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Why did ancient scribes write right to left?

 
 
Reply Mon 4 Jul, 2005 06:18 pm
Since things normally develop for the ease of the majority, and most ancient Hebrew and Arabic text was written right to left, should one assume that the majority of the scribes were left-handed?

I've often wondered about that and have never received a plausible explanation.
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Type: Discussion • Score: 1 • Views: 1,563 • Replies: 11
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Setanta
 
  1  
Reply Mon 4 Jul, 2005 06:18 pm
To confuse the issue for the grave robbers . . . er, archaeologists . . .
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gustavratzenhofer
 
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Reply Mon 4 Jul, 2005 06:22 pm
I can not accept that answer, Set.
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Setanta
 
  1  
Reply Mon 4 Jul, 2005 06:29 pm
Tough titty, said the kitty, but the milk won't flow . . .
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gustavratzenhofer
 
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Reply Mon 4 Jul, 2005 06:31 pm
I outta...
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littlek
 
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Reply Mon 4 Jul, 2005 06:34 pm
I tried to get info from google, but came up with nothing. Gus is asking the hard Qs tonight.
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roger
 
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Reply Mon 4 Jul, 2005 07:10 pm
Handedness only matters in cursive. The quill digs into the parchment for a right handed person going right to left. Cuniform and stuff like that is a matter of preference. They prefered right to left.
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littlek
 
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Reply Mon 4 Jul, 2005 07:14 pm
ooooh, no ink to smudge!
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littlek
 
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Reply Mon 4 Jul, 2005 07:39 pm
to quote a website:

"# Hebrew is written from right to left.
# The common accepted reason is that in the past Hebrew was used for inscriptions on stone (compare "the Tables of Testimony").
# Using the hammer and scalpel, it was easier to keep the scalpel in the left hand and beat with the hammer in the right hand.
# And in fact those semitic languages which were written in cuneiform on clay tablets, as Babylonian and Ugaritic (the latter a very similar language to Hebrew) are written from left to right, had they written it from right to left they would have rubbed out the characters with the writing hand."
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CalamityJane
 
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Reply Mon 4 Jul, 2005 08:34 pm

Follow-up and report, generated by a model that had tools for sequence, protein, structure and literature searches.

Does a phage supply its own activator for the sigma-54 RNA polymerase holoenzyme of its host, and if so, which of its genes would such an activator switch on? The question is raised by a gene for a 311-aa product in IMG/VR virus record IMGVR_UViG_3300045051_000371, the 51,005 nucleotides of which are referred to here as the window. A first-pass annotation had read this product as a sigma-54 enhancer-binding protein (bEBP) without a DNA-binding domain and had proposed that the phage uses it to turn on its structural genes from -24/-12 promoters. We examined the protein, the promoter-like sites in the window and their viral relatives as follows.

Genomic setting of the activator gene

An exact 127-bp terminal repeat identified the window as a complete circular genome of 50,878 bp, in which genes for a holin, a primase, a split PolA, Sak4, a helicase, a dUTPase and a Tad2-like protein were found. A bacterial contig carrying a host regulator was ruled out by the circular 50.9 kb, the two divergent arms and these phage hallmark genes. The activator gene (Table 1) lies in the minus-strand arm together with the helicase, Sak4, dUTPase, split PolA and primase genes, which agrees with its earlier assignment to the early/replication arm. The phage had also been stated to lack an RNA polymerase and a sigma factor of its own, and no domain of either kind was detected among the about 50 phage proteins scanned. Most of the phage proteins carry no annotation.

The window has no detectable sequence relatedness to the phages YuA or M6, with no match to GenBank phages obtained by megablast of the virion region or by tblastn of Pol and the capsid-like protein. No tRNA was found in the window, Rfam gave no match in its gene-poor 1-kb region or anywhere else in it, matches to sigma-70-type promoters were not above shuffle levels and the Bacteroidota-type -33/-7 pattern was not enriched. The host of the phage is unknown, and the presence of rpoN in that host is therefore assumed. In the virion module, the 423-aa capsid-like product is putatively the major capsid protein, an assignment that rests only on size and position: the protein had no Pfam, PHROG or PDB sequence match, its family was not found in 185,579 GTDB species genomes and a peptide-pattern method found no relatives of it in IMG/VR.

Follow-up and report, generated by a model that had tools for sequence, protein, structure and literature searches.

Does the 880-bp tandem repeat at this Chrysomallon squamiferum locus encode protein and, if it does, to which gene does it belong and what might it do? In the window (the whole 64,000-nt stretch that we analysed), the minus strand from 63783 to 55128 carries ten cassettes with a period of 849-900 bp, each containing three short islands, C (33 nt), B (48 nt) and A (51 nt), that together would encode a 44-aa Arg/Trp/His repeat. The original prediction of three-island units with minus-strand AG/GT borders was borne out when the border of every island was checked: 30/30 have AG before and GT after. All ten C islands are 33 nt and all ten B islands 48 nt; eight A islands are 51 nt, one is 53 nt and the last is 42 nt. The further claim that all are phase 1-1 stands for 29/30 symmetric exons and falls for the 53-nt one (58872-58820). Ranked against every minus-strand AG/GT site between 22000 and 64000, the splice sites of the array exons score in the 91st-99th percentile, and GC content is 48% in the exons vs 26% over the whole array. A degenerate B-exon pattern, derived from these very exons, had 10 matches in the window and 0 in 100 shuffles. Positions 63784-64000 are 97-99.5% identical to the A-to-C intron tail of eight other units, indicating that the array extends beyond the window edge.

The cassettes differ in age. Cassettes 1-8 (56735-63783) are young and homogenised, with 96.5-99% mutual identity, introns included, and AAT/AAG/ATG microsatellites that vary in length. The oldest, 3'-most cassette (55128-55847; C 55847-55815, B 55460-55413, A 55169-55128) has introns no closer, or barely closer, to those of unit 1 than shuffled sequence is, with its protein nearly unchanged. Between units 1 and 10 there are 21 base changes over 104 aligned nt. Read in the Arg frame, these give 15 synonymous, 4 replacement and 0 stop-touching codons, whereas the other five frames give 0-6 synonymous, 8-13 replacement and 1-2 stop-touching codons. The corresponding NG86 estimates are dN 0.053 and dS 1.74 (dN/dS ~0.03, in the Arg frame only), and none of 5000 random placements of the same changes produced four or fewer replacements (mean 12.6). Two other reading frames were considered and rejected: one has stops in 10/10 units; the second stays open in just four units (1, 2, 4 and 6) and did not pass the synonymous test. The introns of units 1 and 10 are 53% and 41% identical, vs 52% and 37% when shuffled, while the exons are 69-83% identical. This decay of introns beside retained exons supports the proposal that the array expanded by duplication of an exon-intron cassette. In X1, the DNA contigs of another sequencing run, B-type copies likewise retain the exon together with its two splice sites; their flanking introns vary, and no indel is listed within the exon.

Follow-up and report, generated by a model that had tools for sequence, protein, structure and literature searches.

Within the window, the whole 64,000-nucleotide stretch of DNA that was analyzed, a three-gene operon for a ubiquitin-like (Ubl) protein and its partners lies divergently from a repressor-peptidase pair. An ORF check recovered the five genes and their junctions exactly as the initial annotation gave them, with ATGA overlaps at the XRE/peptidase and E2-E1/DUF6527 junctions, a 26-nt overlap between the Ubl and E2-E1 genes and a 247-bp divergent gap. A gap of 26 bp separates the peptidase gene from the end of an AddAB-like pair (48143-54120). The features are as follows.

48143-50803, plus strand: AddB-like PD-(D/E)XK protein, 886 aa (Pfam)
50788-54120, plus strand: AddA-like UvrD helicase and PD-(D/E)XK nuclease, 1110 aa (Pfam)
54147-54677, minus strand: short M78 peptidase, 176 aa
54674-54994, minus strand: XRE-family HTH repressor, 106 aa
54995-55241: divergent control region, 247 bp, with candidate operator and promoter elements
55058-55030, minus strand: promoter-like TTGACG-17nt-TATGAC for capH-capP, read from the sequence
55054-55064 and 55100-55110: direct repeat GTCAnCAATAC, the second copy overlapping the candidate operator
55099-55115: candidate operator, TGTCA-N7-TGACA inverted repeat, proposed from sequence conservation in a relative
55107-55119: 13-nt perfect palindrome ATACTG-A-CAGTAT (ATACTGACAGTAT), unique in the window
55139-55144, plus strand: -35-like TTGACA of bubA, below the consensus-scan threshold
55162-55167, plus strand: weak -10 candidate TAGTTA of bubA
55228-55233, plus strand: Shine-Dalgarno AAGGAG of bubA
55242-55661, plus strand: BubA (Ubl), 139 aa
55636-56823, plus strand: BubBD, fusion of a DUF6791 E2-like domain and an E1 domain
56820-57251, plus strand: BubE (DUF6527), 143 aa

The prevailing wisdom on why Hebrew (and Arabic) are written right to left has to do with the fact that they started out as language that were chiseled on stone tablets and the mechanics of holding the chisel in the left hand and hammering with the right lead to the right to
left orientation.
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gustavratzenhofer
 
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Reply Mon 4 Jul, 2005 09:55 pm
yeah, CJ, that's what littlek said. I guess that makes sense.
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Levi
 
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Reply Wed 6 Jul, 2005 01:26 pm
As far as I know, the ancient Mideast used wet clay tablets far more than chiseling. I don't think anyone was as big on chiseling tablets as the ancient Greeks, who wrote from left-to-right.

Also keep in mind not all Semitic languages were written from right-to-left, notably Ethiopic and Akkadian, the latter which also encompassed the major dialects of Babylonian and Assyrian, all of which of course share the same ancestor as the "backwards" Hebrew and Arabic.

I think any speculation about this is rather frivolous. I'll say for three reasons I don't buy that chiseling from right-to-left being easier is the reason for the direction -- plenty of other people who wrote left-to-right chiseled, chiseling was rare compared to impressing wet clay, and before you begin, as a society, to chisel you need an already well-established script (with direction).

Why isn't anyone equally curious and readily speculative as to why IE languages are written left-to-right? And the vertical scripts of Mongolian and old Chinese and Japanese? Don't forget to distinguish between left-to-right vertical scripts and right-to-left vertical scripts. As far as I'm concerned, it is because it is, and the only answers that will satisfy anyone will be oversimplifications.
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